What will the new European Union AI Act bring? Part One

By:
on Jun 5, 2024
Listen
  • The world awaits the new EU Artificial Intelligence Act.
  • The act will be the first of its kind and a benchmark new standard in cyber law, coming into effect this month
  • But what will the law mean for AI users and businesses?

Follow Invezz on Telegram, Twitter, and Google News for instant updates >

This month, a historic and groundbreaking new law governing AI comes into effect.

Are you looking for signals & alerts from pro-traders? Sign-up to Invezz Signals™ for FREE. Takes 2 mins.

The EU Artificial Intelligence Act will, by its own admission, be the first comprehensive regulation on AI by a major regulator anywhere.”

But what does that actually mean for the average person? And what, for that matter, will it imply for financial markets?

Who needs to be aware of the EU AI ACT?

Copy link to section

Don’t think that you won’t be affected if you’re not in the EU. Anyone using AI services or providing them within the European Union will be affected – but the AI Act doesn’t stop there.

Robert Jain, associate at legal firm Holland & Knight says that “the proposed AI Act applies to providers and developers of AI systems that are marketed or used within the EU (including free-to-use AI technology), regardless of whether those providers or developers are established in the EU or another country.”1

This means that American-based companies that market or provide AI-based technology within the EU may be subject to the Act’s potential penalties for noncompliance.”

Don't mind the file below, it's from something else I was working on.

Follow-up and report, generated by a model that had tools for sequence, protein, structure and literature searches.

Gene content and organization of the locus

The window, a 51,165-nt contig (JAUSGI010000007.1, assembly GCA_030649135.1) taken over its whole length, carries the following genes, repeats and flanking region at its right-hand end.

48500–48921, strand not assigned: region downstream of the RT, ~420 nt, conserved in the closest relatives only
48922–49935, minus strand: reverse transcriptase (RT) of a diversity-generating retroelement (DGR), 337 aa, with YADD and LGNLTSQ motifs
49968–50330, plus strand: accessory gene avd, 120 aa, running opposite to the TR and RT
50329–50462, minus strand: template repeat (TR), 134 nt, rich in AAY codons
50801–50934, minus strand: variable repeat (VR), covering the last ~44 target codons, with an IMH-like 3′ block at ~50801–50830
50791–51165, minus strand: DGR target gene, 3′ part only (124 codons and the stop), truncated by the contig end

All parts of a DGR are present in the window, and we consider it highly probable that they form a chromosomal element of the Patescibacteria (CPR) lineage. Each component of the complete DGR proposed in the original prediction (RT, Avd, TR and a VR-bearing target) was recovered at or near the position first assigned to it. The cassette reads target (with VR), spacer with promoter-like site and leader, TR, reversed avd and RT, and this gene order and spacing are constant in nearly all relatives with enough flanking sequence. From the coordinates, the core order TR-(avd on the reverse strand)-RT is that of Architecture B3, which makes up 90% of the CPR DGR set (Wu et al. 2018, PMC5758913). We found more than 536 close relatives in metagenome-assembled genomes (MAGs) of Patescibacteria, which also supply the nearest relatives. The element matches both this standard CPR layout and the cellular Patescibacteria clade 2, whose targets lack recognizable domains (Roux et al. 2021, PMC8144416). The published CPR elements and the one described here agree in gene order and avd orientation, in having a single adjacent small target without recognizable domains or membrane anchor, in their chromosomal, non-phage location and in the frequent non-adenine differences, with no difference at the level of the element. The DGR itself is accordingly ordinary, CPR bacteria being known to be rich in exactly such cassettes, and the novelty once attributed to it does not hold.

A high price to pay

Copy link to section

And those penalties can be hefty. As laid out in the Act, they can range from €7.5 million to €35 million – but things can be even more punitive for mega-corporations.

The AI ACT also allows for a sliding scale punishment of anything from 1.5% to 7% of a company’s total global revenue.

If this revenue-based fining were to be acted upon, it would make the EU AI Act among the strictest legal fining amounts in the world. The Microsofts of this world may not balk too much at a €35 million fine – but close to a tenth of all revenue accrued even before profits?   

What does the European AI Act aim to do?

Copy link to section

Put simply, the law aims to enforce compliance to a certain prescribed standard of AI use and best practise by both companies and developers.

This is a pretty different approach from, for example, the United States, where regulation of AI has been far less prescriptive and punitive, almost being a voluntary compliance exercise for many.

More specifically, the AI Act categorises various possible uses for AI technology into different levels of ‘risk’ and forbids ‘high risk’ usage of AI.

Some high-risk activities that are forbidden are:

  • Scraping of facial images, either from online or from footage, for use in things like ‘deepfakes’
  • AI segmenting people, using their personal data such as biometrics, into groups which either limit or discriminate someone’s sex, race, religion, political affiliations and other personal information
  • ‘Social scoring’, i.e. categorizing someone and discriminating against them based on any personal traits  
  • ‘Manipulative AI’ – a vaguely worded, potentially problematic definition of “deploying subliminal, manipulative, or deceptive techniques to distort behaviour and impair informed decision-making, causing significant harm”

When does the act come into law?

Copy link to section

The window period for the EU AI Act coming into law is May to July 2024.

However, the World Economic Forum believes the act will come in during June, this month, specifically.

Next, in Part Two, we will specifically be discussing what the European Union’s AI Act will likely mean for financial markets.

Sources:

Copy link to section

1 Holland & Knight, 2024; the official EU Artificial Intelligence Act website

EUR AI Europe